“No, no, no, no.”
Ry Cooder is quick to put something to rest as he talks by phone from his home in the hills above Pasadena, California.
Yes, he and Taj Mahal went a full 54 years between recording projects together — from Cooder playing on Mahal’s 1968 solo debut, which grew from them co-fronting the band Rising Sons, to right now for the duo album Get on Board: The Songs of Sonny Terry and Brownie McGhee. The thing is, in the decades that harmonica master Sonny Terry and Piedmont blues virtuoso Brownie McGhee worked regularly together, from 1939 to the early 1980s, they were often at odds, sometimes not even speaking to each other off stage.
But no, there were no rifts between Cooder and Mahal, no disputes, no bad feelings that kept them apart.
“Nothing like that!” Cooder insists. “No, no, no!”
The time between projects?
“Musicians, you know,” Cooder says. “He travels around all the time.”
Yet, in other regards…
“It’s funny,” says Mahal, on a separate call between tour stops, “because we’ve actually become the men that we admired. We’re the new version of it, you know? So, it’s like full circle. It’s a wonderful thing to have really accomplished that, to be in a life in music.”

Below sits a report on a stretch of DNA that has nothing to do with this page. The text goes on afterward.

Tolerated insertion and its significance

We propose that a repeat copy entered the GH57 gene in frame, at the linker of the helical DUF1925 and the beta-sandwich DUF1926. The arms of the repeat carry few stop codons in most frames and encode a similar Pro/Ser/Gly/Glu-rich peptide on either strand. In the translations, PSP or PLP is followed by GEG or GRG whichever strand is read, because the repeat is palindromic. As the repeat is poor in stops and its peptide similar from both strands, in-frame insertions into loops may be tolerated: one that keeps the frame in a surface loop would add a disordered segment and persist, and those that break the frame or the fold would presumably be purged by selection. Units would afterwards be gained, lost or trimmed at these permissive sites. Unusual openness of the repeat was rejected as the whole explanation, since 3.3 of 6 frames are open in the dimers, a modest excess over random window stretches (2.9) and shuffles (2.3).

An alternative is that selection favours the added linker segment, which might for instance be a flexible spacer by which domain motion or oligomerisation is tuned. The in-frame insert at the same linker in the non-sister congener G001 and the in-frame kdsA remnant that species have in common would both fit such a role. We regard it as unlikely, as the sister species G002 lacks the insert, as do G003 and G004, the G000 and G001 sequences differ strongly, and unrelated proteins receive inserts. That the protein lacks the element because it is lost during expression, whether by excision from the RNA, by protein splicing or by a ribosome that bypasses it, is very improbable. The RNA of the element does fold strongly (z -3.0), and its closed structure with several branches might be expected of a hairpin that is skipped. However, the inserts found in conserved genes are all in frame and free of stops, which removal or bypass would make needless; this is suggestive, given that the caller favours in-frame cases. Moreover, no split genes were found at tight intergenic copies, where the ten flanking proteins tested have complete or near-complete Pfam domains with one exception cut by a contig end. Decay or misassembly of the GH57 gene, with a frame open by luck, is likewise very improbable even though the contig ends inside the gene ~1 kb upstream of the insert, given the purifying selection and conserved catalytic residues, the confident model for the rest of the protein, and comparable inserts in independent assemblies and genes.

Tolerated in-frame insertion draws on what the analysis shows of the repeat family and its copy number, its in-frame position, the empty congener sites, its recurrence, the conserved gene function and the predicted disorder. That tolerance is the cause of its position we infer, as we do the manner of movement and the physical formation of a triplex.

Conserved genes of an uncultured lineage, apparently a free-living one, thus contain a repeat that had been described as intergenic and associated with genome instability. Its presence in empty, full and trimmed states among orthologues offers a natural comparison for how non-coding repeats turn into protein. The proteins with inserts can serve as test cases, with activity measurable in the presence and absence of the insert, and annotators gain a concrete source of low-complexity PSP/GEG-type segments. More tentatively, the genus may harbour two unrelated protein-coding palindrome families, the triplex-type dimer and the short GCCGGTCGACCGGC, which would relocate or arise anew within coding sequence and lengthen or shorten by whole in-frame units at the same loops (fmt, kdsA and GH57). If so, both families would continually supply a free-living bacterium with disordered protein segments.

The way Cooder and Mahal have become the men they admired, presumably, is in the role of elder statesmen keeping traditions alive. They are honoring and, in highly personalized ways, refreshing the music with deep ties to past generations and cultures. That full circle — global circumnavigations, really — has seen them explore a wealth of music and cultures, from Cooder’s key role in Cuban group Buena Vista Social Club projects, to Mahal’s drawing on the Afro-Caribbean roots of his musician/arranger father. Their individual efforts include collaborations with musicians from Africa and India, just for starters. But with this album they each go back to where the sparks for all that first happened.